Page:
Free birds

Ruins and villages may be closer to nature than cities, but they are not exactly forests. The birds that you see in such places are ones which have adapted to profit from the disturbances that humans create. Around Mandu we saw several birds, but a bird watcher in a city will see most of them. The featured photo shows the green bee-eater (Merops orientalis), common across a huge swathe of sub-Saharan Africa and southern Asia: from Senegal in the west to Vietnam in the east. I love this colourful and commonly visible bird. I hadn’t realized earlier that it is appropriate for Independence Day; it has the colours of the flag.

The white-breasted kingfisher (Halcyon smyrnensis) is another common and widespread bird, being found across Asia, from Turkey to the Philippines. It has learned to supplement its diet by scraps of meat from kitchens, and is now commonly seen around human habitation near water. It allows a photographer to get reasonably close, so this shot against the sky is not among the best I have.

The red-wattled lapwing (Vanellus indicus) is not easily visible inside a city. But this large wader is common in wetlands anywhere in southern Asia, from Iraq to the Philipphines. I saw these large birds everywhere in Mandu, even in Jahaz Mahal. This photo was taken in the garden just outside the palace.

Although this is not a high-quality photo, I’m fond of it because I caught two different species in the same shot. The spotted dove (Streptopelia chinensis) is common is various terrains, including cities, across Asia. It has been introduced in Hawaii, California, Australia and New Zealand. The other bird is a coppersmith barbet (Psilopogon haemacephalus) was common in our garden till recently. It is a common Indian bird.

Like the rose-ringed parakeet, the Indian robin (Copsychus fulicatus) is another species which I notice around ruins. I watched this one as it hopped and flew along ruined walls in Mandu. Unlike the parakeet, it does not take to gardens inside cities. We were not really looking for birds, but were happy to have this added extra.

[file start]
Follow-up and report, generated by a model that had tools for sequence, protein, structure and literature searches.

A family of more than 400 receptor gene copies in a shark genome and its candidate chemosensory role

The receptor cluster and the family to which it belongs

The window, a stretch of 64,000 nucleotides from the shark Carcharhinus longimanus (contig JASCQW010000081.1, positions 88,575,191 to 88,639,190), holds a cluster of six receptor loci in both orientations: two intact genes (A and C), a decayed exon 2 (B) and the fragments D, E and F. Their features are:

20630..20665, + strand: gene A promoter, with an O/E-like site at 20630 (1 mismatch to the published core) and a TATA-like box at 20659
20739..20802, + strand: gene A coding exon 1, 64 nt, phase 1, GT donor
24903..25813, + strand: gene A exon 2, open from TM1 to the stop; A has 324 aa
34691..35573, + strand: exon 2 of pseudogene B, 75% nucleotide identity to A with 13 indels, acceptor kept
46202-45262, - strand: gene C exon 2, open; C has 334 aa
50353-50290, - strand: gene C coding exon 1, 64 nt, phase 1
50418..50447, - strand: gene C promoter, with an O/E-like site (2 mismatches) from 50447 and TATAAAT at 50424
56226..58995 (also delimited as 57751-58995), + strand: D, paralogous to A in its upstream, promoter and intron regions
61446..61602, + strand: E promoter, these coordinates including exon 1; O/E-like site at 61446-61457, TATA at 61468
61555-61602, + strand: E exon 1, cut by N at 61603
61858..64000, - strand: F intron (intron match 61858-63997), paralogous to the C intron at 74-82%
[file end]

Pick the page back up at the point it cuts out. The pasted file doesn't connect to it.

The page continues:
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A remarkable bird

I’ve never paid much attention to the cattle egret (Bubulcus ibis). After all, they are common as dirt. If you go past villages, you see them trailing after cattle. If you go driving through jungles you find them following rhinoceros, elephants and herds of deer. In cities I’ve seen them following lawn mowers. In the monsoon, they put on their mating finery. The pure white feathers turn a bright ocher on the head and neck, and their beaks and legs turn into the same colour. Once I was photographing a bunch of them inside IIT when a girl stopped by and asked “Are they very rare?” I told her, “Not very,” and she left a little disappointed.

But this very common bird turns out to have an uncommon story. Until the middle of the 19th century CE, the bird was restricted to the tropics and sub-tropics of Asia and Europe. Then it began to take over the world. It was seen in the Cape province of South Africa in the early 20th century. At about the same time it was sighted in South America; then in 1933 it was reported in Old Providence Island in the Caribbeans, and spread to North America soon after. In the 1940s it touched down in Australia. There is no record of these birds being transported across the seas; to the contrary, there are scattered observations of small flocks spotted crossing oceans. In the 21st century it has spread from its original habitat in Spain and Portugal to northern parts of Europe.